Customer Lifetime Value (CLV), which is a prediction of the net profit attributed to the entire future relationship with a customer, is an important metric to measure and monitor on an ongoing basis. Sydney-based startup Valuiza (pronounced val-you-eye-sa) allows companies to not only do that, but also to improve their CLV by helping them pinpoint why people will stop using their product or service.
INDX.guru wants to be the fourth estate of the stock market industry, bringing much-needed transparency to an industry rife with jargon that’s indecipherable to the average investor, and using technology to empower self-directed investors to manage their own investment portfolio.
We’ve seen a number of startups emerge in the last few years that help people manage their personal finances via their smartphones – a few notable examples include Mint, Pocketbook and Digit. Although Sydney-based startup MoneyBrilliant isn’t a new market entrant, it has undergone many iterations and is now one of best available because of its UI/UX as well as the volume and type of financial services accounts that can be integrated into the application.
As the saying goes, in order to succeed you first need to fail. That was certainly the case for Nick Bell, who spent three years on a skincare business that never quite took off before launching a web marketing company that now turns over $45 million a year.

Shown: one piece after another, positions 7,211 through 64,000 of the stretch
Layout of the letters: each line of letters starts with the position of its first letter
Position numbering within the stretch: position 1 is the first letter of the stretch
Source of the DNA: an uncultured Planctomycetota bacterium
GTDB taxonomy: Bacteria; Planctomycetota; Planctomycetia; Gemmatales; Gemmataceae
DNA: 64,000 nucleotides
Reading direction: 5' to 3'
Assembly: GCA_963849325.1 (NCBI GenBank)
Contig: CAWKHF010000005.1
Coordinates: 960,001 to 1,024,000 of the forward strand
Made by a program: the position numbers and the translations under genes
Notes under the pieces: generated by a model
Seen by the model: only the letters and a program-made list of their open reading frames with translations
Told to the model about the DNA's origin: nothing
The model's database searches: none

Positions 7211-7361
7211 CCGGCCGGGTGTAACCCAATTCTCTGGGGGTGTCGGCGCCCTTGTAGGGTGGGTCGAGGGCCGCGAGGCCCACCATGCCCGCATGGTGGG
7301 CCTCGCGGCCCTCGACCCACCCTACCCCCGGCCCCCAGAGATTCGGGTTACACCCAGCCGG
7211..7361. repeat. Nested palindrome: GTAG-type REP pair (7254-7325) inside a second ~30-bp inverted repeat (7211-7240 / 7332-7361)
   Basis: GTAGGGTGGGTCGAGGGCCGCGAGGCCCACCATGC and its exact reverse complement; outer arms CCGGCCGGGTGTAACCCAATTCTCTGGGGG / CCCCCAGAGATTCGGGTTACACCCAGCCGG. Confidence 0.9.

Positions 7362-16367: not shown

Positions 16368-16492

It seems the co-founders are actually focusing on the more interesting side of alcohol delivery startup Liquorun: its logistics management platform. The software platform is now an entity of its own called Swift, which is growing fast and has customers from all over the world.
Over the last decade, all forms of crowdfunding – donations-based, rewards-based, debt-based or equity-based – have been embraced by early-stage startups that take extraordinary risks bringing new products to unproven markets. What we have rarely seen, however, is startups offering shares to early adopters of a product, or more specifically, startups offering shares to accelerate user adoption. This is what RocketClub, a startup headquartered in Sunnyvale, California, facilitates.
Churchsites is a hosting platform that gives churches an affordable but powerful website. It was born out of Gillman’s experience working with churches as clients for a number of years.
Last week, Startup Daily published an article on a study that discovered a three percent (from 16 percent in 2011 to 19 percent in 2013) increase in the number of female tech startup founders, though only one in five founders have technical expertise. In other words, the number of non-technical female founders of tech startups has increased. Or to put it another way, the lack of technical skills is not deterring women from founding tech startups. No matter how you interpret it, the article received criticism. Well, not the article itself, but the article’s featured image.
Silicon Valley-based entrepreneur and venture capitalist Shea Tate-Di Donna agrees now is the perfect time to be an entrepreneur, however feels resources for entrepreneurs are not equally accessible to people of all backgrounds. Her latest venture Zana aims to ‘democratise entrepreneurship’ in developed and emerging economies, so that people – regardless of their age, gender, race or sexuality – have the best chance of building successful businesses.